Barriers to girl-child education

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Girl education goes beyond enrolling girls into schools- it is ensuring that they feel safe as they learn in school. It also deals with them having the opportunity to climb the academic ladder to any level of their choice by acquiring skills and knowledge to compete in the labor market.  Additionally, girl education involves learning socio-emotional and life skills in order to navigate and adapt to the changing world; make their own life decisions and contribute to their communities and the world at large.

Girls’ education is a strategic priority of development. Elites who are women tend to be more informed in terms of nutrition, healthcare, family planning, and marry at a later age should they choose to become a mother. They are however likely to partake in the formal labor market and earn higher incomes. These can positively lift the households, community, and countries out of poverty.

According to the United Nations Educational Scientific and Cultural Organization (UNESCO) reports, around the world, 132 million girls are school drop-outs or are out of school – the breakdown is as follows; 34.3 million of primary school age, 30 million of lower secondary school age and 67.4 million of upper secondary school age. There are multiple barriers to girls’ access to and completion of education;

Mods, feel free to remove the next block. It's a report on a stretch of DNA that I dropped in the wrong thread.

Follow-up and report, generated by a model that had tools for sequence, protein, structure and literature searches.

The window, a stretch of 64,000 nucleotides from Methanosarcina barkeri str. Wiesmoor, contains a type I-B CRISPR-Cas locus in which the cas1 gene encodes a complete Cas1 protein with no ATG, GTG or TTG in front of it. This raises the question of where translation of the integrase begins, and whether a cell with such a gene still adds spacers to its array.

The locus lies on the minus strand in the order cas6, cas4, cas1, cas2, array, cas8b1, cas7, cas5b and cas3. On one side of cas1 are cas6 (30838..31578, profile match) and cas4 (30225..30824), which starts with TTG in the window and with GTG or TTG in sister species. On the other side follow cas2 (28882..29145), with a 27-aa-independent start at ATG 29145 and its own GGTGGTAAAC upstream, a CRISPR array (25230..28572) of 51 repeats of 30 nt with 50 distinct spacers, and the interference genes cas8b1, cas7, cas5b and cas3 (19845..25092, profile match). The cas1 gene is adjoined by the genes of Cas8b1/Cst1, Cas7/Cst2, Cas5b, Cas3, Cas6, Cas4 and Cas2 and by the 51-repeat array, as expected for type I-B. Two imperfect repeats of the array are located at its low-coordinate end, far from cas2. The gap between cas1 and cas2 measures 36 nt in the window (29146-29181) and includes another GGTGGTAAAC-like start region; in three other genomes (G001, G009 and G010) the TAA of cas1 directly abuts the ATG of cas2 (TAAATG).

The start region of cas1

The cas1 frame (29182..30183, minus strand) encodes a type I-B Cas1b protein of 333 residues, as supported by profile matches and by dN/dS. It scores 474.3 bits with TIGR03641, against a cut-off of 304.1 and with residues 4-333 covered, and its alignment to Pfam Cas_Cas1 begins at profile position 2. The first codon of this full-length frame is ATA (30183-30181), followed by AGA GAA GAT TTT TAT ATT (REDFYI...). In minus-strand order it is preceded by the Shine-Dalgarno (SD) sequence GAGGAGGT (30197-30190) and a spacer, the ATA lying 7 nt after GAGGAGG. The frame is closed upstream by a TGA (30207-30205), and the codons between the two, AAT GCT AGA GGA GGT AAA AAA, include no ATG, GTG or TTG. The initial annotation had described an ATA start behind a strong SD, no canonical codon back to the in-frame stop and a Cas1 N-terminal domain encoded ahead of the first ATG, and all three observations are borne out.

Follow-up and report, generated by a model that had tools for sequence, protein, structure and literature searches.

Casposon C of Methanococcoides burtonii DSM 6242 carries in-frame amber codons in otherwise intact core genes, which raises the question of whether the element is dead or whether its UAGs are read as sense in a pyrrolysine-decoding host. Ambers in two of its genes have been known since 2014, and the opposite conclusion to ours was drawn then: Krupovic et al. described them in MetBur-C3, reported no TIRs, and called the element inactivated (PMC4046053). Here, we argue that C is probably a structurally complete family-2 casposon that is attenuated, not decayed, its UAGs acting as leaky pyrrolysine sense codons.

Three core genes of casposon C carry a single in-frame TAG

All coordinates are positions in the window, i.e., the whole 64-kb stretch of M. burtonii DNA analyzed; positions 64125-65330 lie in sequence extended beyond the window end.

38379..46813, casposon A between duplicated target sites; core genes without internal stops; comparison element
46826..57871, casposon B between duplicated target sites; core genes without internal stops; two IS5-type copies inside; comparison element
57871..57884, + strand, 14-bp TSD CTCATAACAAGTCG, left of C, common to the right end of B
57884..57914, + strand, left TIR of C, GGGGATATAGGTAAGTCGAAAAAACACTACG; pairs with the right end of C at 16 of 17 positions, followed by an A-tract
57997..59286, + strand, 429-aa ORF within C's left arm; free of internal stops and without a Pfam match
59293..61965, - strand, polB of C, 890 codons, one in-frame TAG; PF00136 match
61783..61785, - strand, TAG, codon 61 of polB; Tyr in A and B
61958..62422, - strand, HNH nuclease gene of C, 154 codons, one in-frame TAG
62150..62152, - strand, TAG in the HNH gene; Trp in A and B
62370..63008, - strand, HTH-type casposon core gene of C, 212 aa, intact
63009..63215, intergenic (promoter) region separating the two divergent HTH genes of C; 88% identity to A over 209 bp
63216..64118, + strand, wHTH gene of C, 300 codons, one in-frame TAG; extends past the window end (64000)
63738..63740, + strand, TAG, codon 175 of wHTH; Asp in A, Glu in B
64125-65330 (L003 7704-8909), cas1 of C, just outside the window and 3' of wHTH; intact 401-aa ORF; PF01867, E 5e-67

Poverty is one of the major factors which determines whether the girl-child can complete her education successfully. Poor families lack resources to pay for schooling and its associated cost such as payment of school fees, buying of textbooks, buying of school uniforms, etc.).  financially handicapped households with multiple children may decide to invest in boys rather than girls because they believe the dwelling place for the girls in the kitchen and performing household chores.  Studies however show that girls who face multiple disadvantages such as low family income living in rural or remote areas or underserved locations are lagged behind in terms of access to and completion of education.


This is also a critical challenge that confronts the girl’s education. This is very common o the African continent. Girls who marry early end up forgoing education most of the time. They are more likely to get pregnant and give birth at the expense of schooling. Due to early marriage, they are exposed to a lot of health issues that end up endangering their own lives and that of their children. They are exposed to higher levels of violence perpetrated by their partners and in turn, this affects their reproductive health and the health of their children as well as their ability to earn a living.


The above also prevents a lot of girls from climbing the academic ladder. Girls who cover long distances to school are exposed to gender-based violence which includes sexual exploitation and abuse, sexual harassment, and many experiences at school. Due to these circumstances, teenage pregnancies can occur as a result of sexual violence or exploitation. Furthermore, girls who become pregnant at that early stage face a lot of stigma from their peers and society as a whole. The burden of stigmatization when compounded by these victims drops out of school.